Xi Takes Firm Line As China Communist Party Marks Centenary

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Helicopters fly over Chinese flags at Tiananmen Square in the formation of "100"
Xi spoke, emphasizing the party's role in bringing China to global prominence and saying it would never be divided from the people.

Chinese President Xi Jinping warned Thursday that anyone who tries to bully China “will face broken heads and bloodshed," in a defiant speech hailing the country's rise that elicited loud cheers from a carefully chosen crowd at a celebration of the centenary of the founding of the ruling Communist Party.

In unusually forceful language, Xi appeared to be hitting back at the U.S. and others that have criticized the rising power’s trade and technology polices, military expansion and human rights record. In an hour-long speech, he also said the nation must stick to its one-party rule, emphasizing the communists' role in lifting China to global prominence.

Xi, who heads the party and is thought to be considering a third term starting next year, received the biggest applause when he said the party had restored China’s dignity after decades of subjugation to Western powers and Japan in the 19th and 20th centuries, and turned it into the world’s second largest economy in recent decades.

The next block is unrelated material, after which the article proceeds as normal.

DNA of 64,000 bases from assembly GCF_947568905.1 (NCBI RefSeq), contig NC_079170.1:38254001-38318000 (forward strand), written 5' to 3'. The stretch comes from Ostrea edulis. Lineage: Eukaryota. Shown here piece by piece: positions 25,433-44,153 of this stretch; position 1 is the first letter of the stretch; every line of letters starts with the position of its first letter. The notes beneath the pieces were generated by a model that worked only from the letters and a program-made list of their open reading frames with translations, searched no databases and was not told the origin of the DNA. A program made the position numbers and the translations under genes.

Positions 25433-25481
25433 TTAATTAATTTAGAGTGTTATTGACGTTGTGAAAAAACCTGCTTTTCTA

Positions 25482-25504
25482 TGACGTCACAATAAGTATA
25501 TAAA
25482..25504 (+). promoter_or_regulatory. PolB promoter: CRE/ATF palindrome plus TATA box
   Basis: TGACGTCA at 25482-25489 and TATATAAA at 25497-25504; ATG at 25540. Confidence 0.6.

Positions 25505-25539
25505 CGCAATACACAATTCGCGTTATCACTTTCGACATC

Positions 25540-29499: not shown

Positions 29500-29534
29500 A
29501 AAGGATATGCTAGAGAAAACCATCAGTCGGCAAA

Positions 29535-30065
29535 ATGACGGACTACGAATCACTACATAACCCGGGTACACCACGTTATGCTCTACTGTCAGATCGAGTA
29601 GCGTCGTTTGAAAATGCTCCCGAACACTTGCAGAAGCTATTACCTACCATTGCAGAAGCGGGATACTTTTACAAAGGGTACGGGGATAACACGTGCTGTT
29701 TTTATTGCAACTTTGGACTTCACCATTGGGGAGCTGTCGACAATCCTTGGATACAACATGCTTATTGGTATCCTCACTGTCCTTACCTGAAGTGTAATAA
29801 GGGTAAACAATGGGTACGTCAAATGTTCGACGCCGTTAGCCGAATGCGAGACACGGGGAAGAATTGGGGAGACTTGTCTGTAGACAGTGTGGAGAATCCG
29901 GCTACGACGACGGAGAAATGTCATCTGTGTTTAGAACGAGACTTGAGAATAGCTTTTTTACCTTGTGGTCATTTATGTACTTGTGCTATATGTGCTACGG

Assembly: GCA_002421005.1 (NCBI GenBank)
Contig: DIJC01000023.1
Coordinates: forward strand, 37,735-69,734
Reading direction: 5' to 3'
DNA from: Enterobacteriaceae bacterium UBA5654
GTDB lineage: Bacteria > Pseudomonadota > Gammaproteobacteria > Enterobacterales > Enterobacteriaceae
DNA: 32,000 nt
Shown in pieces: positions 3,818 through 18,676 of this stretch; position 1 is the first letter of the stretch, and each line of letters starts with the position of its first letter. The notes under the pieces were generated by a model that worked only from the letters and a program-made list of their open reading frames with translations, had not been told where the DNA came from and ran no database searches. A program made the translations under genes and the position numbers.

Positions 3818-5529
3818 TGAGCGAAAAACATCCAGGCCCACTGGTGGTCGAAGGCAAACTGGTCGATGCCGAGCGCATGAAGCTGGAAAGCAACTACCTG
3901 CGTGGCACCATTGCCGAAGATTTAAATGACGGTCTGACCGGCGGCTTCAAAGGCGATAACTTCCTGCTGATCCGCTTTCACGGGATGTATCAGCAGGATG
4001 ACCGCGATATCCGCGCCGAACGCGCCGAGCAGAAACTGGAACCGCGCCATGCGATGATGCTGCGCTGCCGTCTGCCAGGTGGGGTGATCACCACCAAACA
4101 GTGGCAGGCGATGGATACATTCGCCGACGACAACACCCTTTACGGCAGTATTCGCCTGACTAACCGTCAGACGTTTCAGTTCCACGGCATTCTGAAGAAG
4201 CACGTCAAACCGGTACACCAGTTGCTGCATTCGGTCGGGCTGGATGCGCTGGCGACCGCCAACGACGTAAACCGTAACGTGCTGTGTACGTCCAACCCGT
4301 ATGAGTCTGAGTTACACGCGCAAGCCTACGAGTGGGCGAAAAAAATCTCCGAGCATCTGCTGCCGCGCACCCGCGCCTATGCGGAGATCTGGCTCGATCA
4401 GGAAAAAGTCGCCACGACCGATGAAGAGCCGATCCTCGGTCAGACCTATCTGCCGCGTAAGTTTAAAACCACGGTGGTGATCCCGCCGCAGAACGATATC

“The Chinese people will absolutely not allow any foreign force to bully, oppress or enslave us and anyone who attempts to do so will face broken heads and bloodshed in front of the iron Great Wall of the 1.4 billion Chinese people,” said Xi, who has eliminated limits on his time in office, prompting speculation that he could rule for life, as Mao Zedong, communist China's founding leader did.

The strong language appeared aimed at revving up and playing to a domestic audience. The strongest elements of it — the references to bashing heads and bloodshed — were left out of state media's English translation of the quote.

Xi declared that China had restored order in Hong Kong following anti-government protests in 2019 and reiterated the Communist Party’s determination to bring self-governing Taiwan under its control.

Both policies have been widely criticized by Western democracies. They have accused the Communist Party of abusing its power at home, including detaining more than 1 million Uyghurs and other mainly Muslim minorities for political reeducation in the northwest region of Xinjiang, and for imprisoning or intimidating into silence those it sees as potential opponents from Tibet to Hong Kong.

Additional reporting by The Associated Press.